Whatapp us on !
His Highness Shaikh Maktoum Bin Rashid Al Maktoum, Vice President and Prime Minister of the UAE and Ruler of Dubai has died. Inna Lillah wa Inna Elehi Rajoon (We are of God and To God Shall we return)
He was 62 years old.
A statement from the Ministry of Presidential Affairs confirmed that His Highness died earlier this morning.
The President of the UAE, His Highness Shaikh Khalifa Bin Zayed Al Nayhan, mourned the death of Shaikh Maktoum bin Rashid Al Maktoum.
The statement added that the UAE had lost a historical leader from its leaders who dedicated his life to building the country, and strove to do his best for its people.
The statement added that Shaikh Maktoum was a generous and giving man whose memory will be ingrained in the consciousness of the nation.
The official mourning period will last for 40 days, when all UAE flags will fly at half mast.
Ministries and government organisations will be closed for seven days.
Shaikh Maktoum died in Australia.
A Man of Simplicity (Gulf News)
it comes to Shaikh Maktoum, one fact that many would attribute to him is
his character and personality, more so than historical dates and events,
even though they hold great significance.
History is always carved by individuals of calibre. It is such individuals who play a role in shaping and defining actions that leave an imprint. One such individual is the late Shaikh Maktoum Bin Rashid Al Maktoum. He will be remembered not only as a man of kindness and generosity but also as a witness to crucial junctures in the history of the UAE in general and Dubai in particular
It is impossible to pay tribute to Shaikh Maktoum without mentioning that his years as a Ruler were intertwined with the history of the formation of the United Arab Emirates. In fact, throughout his life, Shaikh Maktoum was a witness and a key player in the development of Dubai and the UAE federation.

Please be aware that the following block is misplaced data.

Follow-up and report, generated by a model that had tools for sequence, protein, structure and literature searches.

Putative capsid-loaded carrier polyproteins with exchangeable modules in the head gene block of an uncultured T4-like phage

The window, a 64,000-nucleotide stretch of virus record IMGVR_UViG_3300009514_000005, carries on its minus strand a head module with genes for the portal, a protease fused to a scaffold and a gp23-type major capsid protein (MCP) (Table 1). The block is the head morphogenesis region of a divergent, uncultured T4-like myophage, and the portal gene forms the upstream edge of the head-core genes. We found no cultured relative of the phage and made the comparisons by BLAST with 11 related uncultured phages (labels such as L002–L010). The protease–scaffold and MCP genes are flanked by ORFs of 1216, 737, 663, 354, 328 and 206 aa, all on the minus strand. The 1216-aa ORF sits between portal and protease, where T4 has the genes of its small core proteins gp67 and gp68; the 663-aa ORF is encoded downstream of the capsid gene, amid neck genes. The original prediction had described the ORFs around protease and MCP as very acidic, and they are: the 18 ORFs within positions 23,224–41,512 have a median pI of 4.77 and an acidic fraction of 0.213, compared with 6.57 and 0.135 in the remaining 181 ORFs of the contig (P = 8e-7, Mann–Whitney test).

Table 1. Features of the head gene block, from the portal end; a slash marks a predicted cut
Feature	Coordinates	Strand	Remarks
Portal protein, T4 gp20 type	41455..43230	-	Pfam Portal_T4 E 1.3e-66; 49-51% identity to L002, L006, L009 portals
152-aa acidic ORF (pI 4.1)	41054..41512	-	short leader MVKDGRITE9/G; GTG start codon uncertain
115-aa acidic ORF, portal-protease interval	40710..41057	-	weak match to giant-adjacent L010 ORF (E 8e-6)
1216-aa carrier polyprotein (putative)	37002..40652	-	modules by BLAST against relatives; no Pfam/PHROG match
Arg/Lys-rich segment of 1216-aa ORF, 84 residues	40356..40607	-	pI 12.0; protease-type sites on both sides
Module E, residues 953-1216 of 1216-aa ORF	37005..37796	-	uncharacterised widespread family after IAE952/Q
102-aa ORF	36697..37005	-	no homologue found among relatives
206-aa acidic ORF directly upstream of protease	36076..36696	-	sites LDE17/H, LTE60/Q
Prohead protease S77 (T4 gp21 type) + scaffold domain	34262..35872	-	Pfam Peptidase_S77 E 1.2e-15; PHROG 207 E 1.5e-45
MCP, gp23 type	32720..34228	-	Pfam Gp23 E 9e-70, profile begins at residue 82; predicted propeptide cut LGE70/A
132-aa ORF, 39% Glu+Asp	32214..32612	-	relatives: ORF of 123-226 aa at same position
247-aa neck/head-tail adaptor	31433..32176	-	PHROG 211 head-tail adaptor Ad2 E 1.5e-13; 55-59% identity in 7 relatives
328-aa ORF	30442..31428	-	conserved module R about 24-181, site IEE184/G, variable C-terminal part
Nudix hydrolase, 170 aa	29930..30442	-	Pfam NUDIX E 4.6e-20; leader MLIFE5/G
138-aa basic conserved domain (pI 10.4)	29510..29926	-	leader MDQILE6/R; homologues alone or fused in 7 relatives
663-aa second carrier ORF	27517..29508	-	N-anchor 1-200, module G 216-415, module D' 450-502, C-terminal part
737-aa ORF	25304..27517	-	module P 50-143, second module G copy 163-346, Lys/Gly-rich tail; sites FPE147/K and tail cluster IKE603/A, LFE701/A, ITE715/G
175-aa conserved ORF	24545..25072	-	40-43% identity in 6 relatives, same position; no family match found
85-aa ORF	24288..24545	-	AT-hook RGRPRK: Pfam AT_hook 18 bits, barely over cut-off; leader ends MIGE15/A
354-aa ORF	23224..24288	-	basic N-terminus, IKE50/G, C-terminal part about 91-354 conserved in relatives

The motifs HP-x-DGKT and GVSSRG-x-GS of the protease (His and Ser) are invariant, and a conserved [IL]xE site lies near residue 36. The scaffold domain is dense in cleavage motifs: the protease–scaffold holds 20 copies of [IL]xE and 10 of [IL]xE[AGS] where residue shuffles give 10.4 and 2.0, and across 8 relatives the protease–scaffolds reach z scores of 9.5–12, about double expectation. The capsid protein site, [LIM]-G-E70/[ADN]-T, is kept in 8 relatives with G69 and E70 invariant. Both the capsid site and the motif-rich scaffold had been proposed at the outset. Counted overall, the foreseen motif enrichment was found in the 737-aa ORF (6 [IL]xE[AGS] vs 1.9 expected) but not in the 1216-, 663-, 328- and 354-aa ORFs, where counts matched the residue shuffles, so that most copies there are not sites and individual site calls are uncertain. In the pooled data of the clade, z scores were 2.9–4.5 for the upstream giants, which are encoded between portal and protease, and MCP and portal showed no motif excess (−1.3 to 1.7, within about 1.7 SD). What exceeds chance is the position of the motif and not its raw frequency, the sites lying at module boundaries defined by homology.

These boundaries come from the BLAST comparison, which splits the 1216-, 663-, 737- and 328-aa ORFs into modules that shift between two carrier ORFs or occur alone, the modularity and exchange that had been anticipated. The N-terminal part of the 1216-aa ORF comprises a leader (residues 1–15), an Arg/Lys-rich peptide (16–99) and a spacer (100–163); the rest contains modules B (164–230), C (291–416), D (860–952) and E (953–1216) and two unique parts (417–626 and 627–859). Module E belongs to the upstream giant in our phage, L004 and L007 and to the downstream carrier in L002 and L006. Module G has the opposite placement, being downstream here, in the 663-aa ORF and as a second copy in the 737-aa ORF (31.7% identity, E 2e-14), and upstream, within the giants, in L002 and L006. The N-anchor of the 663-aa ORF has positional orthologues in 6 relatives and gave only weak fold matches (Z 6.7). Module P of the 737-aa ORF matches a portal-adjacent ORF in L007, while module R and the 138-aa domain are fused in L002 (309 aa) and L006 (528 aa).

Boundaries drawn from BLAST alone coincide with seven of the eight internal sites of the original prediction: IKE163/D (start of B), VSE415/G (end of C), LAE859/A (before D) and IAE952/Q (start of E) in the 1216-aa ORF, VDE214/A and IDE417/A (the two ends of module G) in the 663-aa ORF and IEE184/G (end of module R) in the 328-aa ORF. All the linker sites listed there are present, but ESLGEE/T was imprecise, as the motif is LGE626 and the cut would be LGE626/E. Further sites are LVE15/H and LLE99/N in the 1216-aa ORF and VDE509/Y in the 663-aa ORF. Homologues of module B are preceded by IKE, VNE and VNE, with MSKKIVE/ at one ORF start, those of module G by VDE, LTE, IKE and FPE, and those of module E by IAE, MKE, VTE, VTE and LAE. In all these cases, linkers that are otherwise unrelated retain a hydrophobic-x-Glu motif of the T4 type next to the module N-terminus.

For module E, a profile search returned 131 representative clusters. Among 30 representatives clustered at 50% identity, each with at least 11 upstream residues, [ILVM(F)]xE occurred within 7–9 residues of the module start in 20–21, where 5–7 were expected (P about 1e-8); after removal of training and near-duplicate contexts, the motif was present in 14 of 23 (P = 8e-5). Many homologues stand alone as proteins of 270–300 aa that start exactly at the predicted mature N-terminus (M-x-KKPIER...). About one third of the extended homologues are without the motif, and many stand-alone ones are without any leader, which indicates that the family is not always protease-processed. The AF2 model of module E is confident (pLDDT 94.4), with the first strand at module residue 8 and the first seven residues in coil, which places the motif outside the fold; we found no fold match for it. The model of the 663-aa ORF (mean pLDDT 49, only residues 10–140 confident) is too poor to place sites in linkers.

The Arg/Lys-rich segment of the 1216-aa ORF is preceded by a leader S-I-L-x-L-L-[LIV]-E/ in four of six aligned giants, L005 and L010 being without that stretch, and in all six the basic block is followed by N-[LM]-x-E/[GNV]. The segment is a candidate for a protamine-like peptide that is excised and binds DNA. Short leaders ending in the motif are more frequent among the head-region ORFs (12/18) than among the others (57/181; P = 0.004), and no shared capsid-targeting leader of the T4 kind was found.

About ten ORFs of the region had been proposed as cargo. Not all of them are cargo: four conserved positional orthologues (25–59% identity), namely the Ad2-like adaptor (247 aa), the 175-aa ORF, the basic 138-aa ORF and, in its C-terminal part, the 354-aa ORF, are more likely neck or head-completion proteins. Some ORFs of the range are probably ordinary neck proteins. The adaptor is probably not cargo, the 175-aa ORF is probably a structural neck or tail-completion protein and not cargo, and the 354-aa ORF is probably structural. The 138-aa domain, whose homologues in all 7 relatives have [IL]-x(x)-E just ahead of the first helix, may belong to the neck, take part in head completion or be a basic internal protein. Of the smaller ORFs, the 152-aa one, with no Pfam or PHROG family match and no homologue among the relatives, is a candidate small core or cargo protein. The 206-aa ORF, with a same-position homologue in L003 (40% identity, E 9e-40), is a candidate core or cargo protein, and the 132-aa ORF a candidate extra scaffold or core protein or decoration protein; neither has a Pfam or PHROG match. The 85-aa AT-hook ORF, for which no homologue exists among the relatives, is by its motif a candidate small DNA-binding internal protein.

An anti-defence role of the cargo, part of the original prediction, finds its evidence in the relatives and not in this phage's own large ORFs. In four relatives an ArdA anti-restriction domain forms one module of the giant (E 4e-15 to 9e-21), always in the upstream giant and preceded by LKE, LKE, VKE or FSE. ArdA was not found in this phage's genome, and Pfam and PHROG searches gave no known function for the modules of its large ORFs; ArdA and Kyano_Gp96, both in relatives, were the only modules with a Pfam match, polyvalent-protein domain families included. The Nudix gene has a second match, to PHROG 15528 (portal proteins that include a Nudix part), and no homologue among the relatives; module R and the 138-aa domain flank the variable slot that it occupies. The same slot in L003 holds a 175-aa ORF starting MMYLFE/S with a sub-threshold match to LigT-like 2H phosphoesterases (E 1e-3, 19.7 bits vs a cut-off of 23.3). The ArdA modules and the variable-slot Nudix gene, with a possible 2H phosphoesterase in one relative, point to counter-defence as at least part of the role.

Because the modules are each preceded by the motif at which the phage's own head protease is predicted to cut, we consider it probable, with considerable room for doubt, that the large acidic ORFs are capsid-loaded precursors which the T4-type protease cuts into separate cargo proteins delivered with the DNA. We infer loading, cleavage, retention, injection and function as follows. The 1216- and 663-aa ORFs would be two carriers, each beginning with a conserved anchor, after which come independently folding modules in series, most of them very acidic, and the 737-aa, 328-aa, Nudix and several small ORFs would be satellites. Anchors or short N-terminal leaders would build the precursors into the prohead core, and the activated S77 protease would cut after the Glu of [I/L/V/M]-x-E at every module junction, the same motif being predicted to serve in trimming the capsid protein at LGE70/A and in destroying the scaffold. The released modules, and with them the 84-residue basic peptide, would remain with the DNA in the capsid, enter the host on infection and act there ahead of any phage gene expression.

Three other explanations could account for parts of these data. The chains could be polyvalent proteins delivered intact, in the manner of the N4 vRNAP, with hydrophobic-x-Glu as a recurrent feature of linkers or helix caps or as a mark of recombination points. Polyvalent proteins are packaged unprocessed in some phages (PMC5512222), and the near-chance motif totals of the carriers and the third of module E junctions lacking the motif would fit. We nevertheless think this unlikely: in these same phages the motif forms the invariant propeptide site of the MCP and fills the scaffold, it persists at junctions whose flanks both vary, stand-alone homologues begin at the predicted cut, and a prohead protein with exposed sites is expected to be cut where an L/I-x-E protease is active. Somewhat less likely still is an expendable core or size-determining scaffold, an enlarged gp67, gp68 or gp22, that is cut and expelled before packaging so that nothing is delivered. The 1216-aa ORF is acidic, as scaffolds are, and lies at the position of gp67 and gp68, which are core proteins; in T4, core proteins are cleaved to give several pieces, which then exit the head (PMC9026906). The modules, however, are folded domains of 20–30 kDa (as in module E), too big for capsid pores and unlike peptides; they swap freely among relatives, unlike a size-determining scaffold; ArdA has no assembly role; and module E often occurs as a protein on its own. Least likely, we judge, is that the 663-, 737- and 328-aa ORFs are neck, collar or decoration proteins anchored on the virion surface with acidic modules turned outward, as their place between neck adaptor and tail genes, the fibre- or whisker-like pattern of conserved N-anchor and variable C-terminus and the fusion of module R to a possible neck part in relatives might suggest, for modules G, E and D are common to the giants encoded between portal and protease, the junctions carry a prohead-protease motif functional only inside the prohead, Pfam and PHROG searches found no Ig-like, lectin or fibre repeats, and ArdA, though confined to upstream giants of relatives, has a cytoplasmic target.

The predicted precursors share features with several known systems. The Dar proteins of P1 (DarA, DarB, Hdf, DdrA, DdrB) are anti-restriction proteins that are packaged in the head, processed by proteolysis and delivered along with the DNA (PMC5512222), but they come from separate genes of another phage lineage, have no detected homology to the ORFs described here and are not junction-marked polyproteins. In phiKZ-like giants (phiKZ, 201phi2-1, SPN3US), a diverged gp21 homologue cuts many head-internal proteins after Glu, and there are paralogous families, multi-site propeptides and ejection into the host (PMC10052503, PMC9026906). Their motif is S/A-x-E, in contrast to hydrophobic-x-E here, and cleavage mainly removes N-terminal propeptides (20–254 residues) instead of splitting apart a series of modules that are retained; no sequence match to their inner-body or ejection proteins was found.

The first exposure to one of the elements to leadership was in 1958 when he delivered a public speech at the ceremony marking the accession of his father, the late Shaikh Rashid Bin Saeed Al Maktoum. Shaikh Maktoum was only 15 years old then and the occasion must have been a memorable event for him as it marked the beginning of forging the future of the emirate under the rule of the late Shaikh Rashid. In the 1960s, Shaikh Maktoum was involved in the meetings that were taking place between the Trucial States, a term used to define the emirates before the formation of the UAE in 1971. He was also present in February 1968 at the historical signing of the agreement between the Rulers of Abu Dhabi and Dubai, the late Shaikh Zayed Bin Sultan Al Nahyan and Shaikh Rashid. This was indeed a historic moment to be witness to as it was an initiation towards forming the federation.
At the age of 29, Shaikh Maktoum became the UAE's first Prime Minister from 1972 until 1979. Later, in 1983, he became Deputy Prime Minister. In 1990, following the death of his father, Shaikh Maktoum became Ruler of Dubai and Vice-President and Prime Minister of the UAE.
During his rule, Shaikh Maktoum built on the foundation laid down by his father. He followed in his footsteps by advocating the same principles of development. It is true to say that Dubai today would not have been able to achieve what it has done so far without the guiding ideas of Shaikh Rashid. But is it not a fact that it would not have been possible for Dubai to progress as it has without these ideas being carried forward by Shaikh Maktoum?